So, God desires that both Christian men and women look more like the image of Jesus as they mature in their faith. But there’s more.
Zimmerman continues, “Functionally, it [bearing the image of God] means to represent Him and to rule on His behalf.” Genesis 1:26 and 27 clearly call both men and women to be his representatives and to rule over the rest of his creation. Nothing in the text infers that God gives this responsibility differently to men than to women. What is God actually asking men and women to do?
J. Richard Middleton argues that God is delegating rule over the earth and its creatures to human beings created in his image. But to understand the phrase “image of God” (in the Hebrew, tsalem elohim), we must understand what that phrase meant to people in the ancient world.
The image (eikon) of a god was a statue placed in a temple, and people believed that the deity they worshipped somehow channeled his or her power and presence through the statue to the worshippers. The primary function of an image, therefore, is mediation.
The first command God gave his followers was not to make any carved images of him like the pagans made of their gods, and for good reason. Middleton contends that this is because men and women are the “authorized mediators of God’s presence,” and “it is the human task to fill the earth not just with progeny but ultimately with God’s presence, a task accomplished by faithful representation of the divine King, who rules from heaven.”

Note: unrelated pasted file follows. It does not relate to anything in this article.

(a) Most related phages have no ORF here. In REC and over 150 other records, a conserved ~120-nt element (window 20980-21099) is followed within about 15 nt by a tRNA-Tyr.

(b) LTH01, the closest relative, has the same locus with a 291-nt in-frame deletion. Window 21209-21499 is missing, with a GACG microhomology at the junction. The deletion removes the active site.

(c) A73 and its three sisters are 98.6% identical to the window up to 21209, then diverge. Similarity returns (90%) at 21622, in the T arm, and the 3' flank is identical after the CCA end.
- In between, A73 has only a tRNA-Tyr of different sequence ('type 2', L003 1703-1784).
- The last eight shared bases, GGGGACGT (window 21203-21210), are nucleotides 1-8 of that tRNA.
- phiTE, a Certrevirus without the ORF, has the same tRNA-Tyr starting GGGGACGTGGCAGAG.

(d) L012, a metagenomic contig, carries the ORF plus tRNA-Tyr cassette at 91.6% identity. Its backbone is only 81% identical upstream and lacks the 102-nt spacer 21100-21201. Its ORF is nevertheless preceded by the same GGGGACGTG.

Thus, the creation of men and women as imago Dei in Genesis 1 means that God’s people are mediating divine presence from heaven to earth. This responsibility isn’t automatic but is missional because it can be furthered or hindered by how men and women exercise their delegated authority on behalf of Almighty God.
In his book Cultural Intelligence, Living for God in a Diverse, Pluralistic World, Darrell Bock writes that this mission has never been more important than it is today:
Still, none of these challenges or changes alters the need for the church to image God in the world. That is the assignment God gave those he calls to him. It is why the church bears the description “the body of Christ.” We are called to be an incarnation of God’s presence in the world, his audio-visual in a unique set of individuals and a special community. How we engage in showing God’s grace and character matters.
For centuries, theologians taught that women were not made in the image of God in the same way as men. For example, Augustine states, “The woman together with her own husband is the image of God, so that that whole substance may be one image; but when she is referred separately to her quality of help-meet, which regards the woman herself alone, then she is not the image of God; but as regards the man alone, he is the image of God as fully and completely as when the woman too is joined with him in one.”
In the fifth century, Theodoret of Cyrus, bishop of Cyprus and influential theologian of the School of Antioch, saw the creation order as grounds for women’s inferiority. In the seventeenth century, English Baptist pastor and theologian John Gill explained his view of Genesis 1:26–27:
Man was first originally and immediately the image and glory of God, the woman only secondarily and mediately through man. The man is more perfectly and conspicuously the image and glory of God, on account of his more extensive dominion and authority.